Pond at popular Charlotte park tests positive for toxic algae

Toxic algae was found at a pond at a popular Charlotte park, officials said.

Testing performed Thursday at the pond at Park Road Park by Park and Recreation and Mecklenburg County Storm Water Services confirmed that the pond tested positive for the toxic version of blue-green algae. 

Dozens of signs are now up, telling people not to swim, fish or allow pets near the water were placed all around the pond and will stay until the pond is no longer toxic. They say contact with the water could cause a reaction or a rash in people and be deadly for pets.

Experts say the blue green algae grows every summer but doesn't always become toxic. However, this year several dogs have died across the country after coming in contact with the water. Officials say now it's time for them to educate the public.  

"In the late summer when it's hot and we have a lot of sunlight the algae will start to grown and it grows to such a level and concentration that it can become toxic."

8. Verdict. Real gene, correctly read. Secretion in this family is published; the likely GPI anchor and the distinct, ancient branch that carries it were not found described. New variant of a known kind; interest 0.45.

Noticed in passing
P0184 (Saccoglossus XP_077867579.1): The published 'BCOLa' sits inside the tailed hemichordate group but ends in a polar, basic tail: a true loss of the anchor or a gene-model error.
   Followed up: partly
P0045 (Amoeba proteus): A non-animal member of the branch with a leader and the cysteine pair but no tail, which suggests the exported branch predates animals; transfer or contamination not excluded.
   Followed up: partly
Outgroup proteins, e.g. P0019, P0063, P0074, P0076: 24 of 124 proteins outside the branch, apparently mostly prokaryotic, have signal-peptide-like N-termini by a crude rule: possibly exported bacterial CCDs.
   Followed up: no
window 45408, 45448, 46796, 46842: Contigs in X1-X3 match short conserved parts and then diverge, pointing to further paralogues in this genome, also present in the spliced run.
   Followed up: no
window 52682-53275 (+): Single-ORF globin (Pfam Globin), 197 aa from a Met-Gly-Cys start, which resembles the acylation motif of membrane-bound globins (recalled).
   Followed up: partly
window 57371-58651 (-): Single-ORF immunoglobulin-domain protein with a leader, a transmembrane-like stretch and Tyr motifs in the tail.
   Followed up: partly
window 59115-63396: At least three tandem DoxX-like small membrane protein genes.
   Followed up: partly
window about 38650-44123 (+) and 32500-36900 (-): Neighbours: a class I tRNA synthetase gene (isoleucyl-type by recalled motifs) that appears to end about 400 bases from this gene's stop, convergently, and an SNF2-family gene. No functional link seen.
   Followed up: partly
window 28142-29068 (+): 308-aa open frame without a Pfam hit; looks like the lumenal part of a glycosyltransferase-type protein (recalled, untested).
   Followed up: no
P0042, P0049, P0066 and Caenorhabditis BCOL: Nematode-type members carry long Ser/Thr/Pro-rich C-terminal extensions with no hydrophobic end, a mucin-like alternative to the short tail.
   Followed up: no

County officials are testing 45 ponds that are popular destinations for people and their pets over the next two weeks. 15 of those are under Mecklenburg County Parks and Recreation. They include:

  • Freedom Park
  • Hornet's Nest Park
  • Marshall Park
  • Beatty Park
  • Elon Park
  • Reedy Creek Park  
  • McAlpine Park
  • Clarks Creek Nature Preserve
  • Ribbonwalk Nature Preserve
  • Sherman Branch Nature Preserve
  • Davie Park
  • Idlewild Park
  • Ezell Farm Park

So far we're told there are no reports of people or pets becoming sick from algae in Mecklenburg County, but signs are being posted around all 14 parks, warning pets and people to stay out of the water. 

"Treatment options are being considered and Park and Recreation will continue to evaluate these ponds until the level of blue-green algae drops below toxic levels," according to a news release from Mecklenburg County officials.

All visitors are encouraged to avoid contact with all ponds. 

"Do not allow pets to enter or drink from any pond, and keep dogs on a leash to minimize the chance of coming into contact with the water."

Results for the remainder of the ponds being tested including Freedom Park should be in by the end of the month. Parks and rec also says they are looking into permanent signs to educate the public on blue green algae.